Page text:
It has taken me some time to grow into the role. I have been stretched. Sometimes I thought I would break. But I didn’t! And I learned and grew a lot.

  10. I’m a former Army officer and now a civilian attorney.

    The gems learned from the women above me who were some of the first in the co-ed modern army:

    1. A firm comment from a man is not and cannot be the same from a woman. If you act like men and women are the same, you will be viewed as a bitch. You then won’t be as effective because people won’t want to work with you. So practice your technique: learn how to phrase things so that they’re firm but polite. This does not mean swing to the other end of the spectrum to being a sweetheart.

    2. Watch the pitch of your voice. When women are stressed, our voices go up in pitch. Nothing makes a man’s ears shut off faster. Practice speaking slowly, consciously controlling your voice and keeping it level. Listen for cues in your tone that indicate stress.

    3. I always make an introduction with people I’m going to be working very closely with, typically admins. “I just want to tell you up front that I can be short, blunt and direct. I mean nothing by it and I certainly don’t mean to hurt your feelings. I’m just trying to get things done.” And when I do bark at someone, I apologize for it the next day. I do not apologize in a sweet tone, but a polite, professional one.

    4. Regarding your “defending your role,” tread carefully. Do not steamroll those people who’ve been doing X for 15 years because you’re above them on some piece of paper. Organizations are pyramids – you wouldn’t be on top without those on the bottom. Welcome their experience, advice and input gracefully.

    5. It is OK as a leader to say, “I don’t know.” It says you’re human. If you’ve ever seen a military basic training movie, you may see that recruits are trained to say, “I do not know but I will find out.” So when you don’t know the answer, say something like, “You know, I’m not sure, but let me ask Bob” or “let me check that report.” People can always tell when you’re BSing on things you don’t know.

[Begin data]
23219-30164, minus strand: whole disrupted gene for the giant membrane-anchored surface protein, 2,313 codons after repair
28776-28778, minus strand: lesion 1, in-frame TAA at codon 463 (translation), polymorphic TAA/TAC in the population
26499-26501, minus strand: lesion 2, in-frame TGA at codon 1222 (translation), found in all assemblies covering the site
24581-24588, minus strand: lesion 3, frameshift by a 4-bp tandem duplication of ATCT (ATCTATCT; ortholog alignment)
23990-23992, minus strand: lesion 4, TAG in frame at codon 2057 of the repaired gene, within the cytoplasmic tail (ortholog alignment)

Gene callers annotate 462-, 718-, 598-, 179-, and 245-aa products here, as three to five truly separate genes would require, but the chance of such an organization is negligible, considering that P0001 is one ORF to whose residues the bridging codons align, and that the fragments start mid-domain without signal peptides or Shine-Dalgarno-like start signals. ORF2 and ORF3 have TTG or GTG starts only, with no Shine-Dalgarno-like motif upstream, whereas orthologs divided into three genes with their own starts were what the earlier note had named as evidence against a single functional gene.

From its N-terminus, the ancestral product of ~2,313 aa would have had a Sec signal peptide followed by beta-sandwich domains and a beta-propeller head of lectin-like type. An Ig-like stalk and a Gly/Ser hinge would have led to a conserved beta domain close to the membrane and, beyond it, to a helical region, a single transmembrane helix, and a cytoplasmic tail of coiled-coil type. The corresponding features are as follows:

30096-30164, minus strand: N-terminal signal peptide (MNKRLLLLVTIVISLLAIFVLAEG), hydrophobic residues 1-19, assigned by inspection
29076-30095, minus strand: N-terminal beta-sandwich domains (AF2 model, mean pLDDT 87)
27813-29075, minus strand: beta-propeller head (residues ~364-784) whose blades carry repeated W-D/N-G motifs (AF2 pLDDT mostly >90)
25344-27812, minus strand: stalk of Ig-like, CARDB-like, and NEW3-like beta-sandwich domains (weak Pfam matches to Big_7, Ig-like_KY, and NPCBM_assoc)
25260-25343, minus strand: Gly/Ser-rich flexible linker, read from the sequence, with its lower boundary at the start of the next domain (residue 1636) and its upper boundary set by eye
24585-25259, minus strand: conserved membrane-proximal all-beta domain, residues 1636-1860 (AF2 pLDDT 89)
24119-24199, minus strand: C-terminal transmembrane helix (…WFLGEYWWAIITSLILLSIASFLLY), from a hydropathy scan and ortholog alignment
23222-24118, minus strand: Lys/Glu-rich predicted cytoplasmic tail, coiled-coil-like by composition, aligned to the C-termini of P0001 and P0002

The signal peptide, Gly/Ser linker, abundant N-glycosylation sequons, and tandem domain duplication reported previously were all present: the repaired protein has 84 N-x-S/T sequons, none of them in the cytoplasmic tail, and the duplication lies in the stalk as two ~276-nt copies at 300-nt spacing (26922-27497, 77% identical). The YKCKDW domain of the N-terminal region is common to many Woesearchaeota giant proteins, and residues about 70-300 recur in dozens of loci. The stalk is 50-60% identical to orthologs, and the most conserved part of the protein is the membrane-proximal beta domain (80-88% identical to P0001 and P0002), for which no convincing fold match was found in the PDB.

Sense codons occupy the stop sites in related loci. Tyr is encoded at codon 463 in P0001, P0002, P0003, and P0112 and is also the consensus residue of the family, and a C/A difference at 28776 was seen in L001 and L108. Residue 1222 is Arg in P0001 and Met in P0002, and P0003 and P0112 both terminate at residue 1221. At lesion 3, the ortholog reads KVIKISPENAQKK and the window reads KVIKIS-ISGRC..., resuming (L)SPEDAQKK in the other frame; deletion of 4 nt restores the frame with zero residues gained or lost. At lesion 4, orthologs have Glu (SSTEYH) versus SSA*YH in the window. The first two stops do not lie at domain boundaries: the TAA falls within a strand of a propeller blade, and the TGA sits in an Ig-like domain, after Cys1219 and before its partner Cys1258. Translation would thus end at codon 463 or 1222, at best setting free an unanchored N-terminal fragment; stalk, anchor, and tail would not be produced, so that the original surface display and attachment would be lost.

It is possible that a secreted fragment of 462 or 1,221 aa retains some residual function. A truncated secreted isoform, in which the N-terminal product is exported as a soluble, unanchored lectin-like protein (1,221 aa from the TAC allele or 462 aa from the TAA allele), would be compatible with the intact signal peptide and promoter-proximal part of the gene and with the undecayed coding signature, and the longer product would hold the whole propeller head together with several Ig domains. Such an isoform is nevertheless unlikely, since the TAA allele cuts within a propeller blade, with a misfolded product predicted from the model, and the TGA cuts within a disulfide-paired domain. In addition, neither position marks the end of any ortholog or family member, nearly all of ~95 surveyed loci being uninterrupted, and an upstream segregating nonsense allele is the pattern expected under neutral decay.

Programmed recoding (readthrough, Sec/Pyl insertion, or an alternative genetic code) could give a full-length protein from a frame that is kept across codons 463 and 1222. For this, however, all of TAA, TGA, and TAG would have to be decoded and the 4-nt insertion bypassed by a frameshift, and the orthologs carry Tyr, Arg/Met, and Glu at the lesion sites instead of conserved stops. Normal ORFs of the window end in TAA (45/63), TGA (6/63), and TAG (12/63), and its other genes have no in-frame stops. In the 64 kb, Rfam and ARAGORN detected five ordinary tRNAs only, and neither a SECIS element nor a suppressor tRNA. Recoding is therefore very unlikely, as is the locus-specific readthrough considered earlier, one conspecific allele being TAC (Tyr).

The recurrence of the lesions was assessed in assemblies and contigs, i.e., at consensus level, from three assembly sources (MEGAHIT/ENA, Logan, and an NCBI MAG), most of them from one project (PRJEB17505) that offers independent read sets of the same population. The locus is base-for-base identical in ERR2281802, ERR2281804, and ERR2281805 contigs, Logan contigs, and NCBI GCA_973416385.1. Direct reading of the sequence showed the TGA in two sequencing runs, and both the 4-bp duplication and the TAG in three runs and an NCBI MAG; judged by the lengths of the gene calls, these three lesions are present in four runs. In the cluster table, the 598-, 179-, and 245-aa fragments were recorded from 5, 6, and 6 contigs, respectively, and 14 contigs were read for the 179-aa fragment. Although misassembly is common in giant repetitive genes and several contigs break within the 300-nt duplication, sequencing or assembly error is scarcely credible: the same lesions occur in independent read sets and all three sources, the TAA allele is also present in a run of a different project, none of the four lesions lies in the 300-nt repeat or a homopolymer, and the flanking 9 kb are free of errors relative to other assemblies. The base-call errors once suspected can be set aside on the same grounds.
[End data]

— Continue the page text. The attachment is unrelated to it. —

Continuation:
6. Don’t act like a little girl. Don’t make weak suggestions (“What do you think if we maybe did X? Just an idea.” vs. “I’d like to see us do X”), don’t type with exclamation points, don’t talk in a sweet voice.

    7. The word “entitlement” in your email worries me. A leader is put in her position through hard work and motivation. No one is entitled to lead other than royals. Always, always remember the people supporting you, the big picture, and the organization as a whole. True leaders are SERVANTS of their organization and the people they represent.

    If you’re actively managing people (as opposed to paper), Michael Abrashoff’s “It’s Your Ship” series of leadership books are good reads.

  11. Definitely consider getting an executive coach. I wanted to get one for myself, but there were a few of us at work that could use one so our employer actually pitched in and is paying for the coaching. It is great to help me make a very similar transition that you are facing. Congratulations!

  12. Congratulations on your new job, Reader S, and before you stress too much on “becoming a leader” i suggest framing it differently. Drill down on a) what your new roles and responsibilities are and b) related to this, what your stretch goals are for this new position. for example:

    - i want to earn greater respect from my peers
    - i want to project confidence when speaking and negotiating
    - i want to manage people more effectively
    - i want to negotiate better
    - i want to make stronger management decisions
    - i want to have a better understanding of industry X or topic Y

    etc. etc. Then take your wishlist, along with an honest assessment of strengths and weaknesses, and come up with a plan of attack, whether it’s burying yourself in the literature that people have suggested, finding yourself a career coach, asking one of your MBA friends for access to their career development database, getting a mentor, joining an industry group … whatever it is.

    Just as importantly, as you grow into your role and adjust to the higher profile, focus on doing what’s best for your company and its employees – your peers, subordinates, team members. That’s what leaders do, anyway.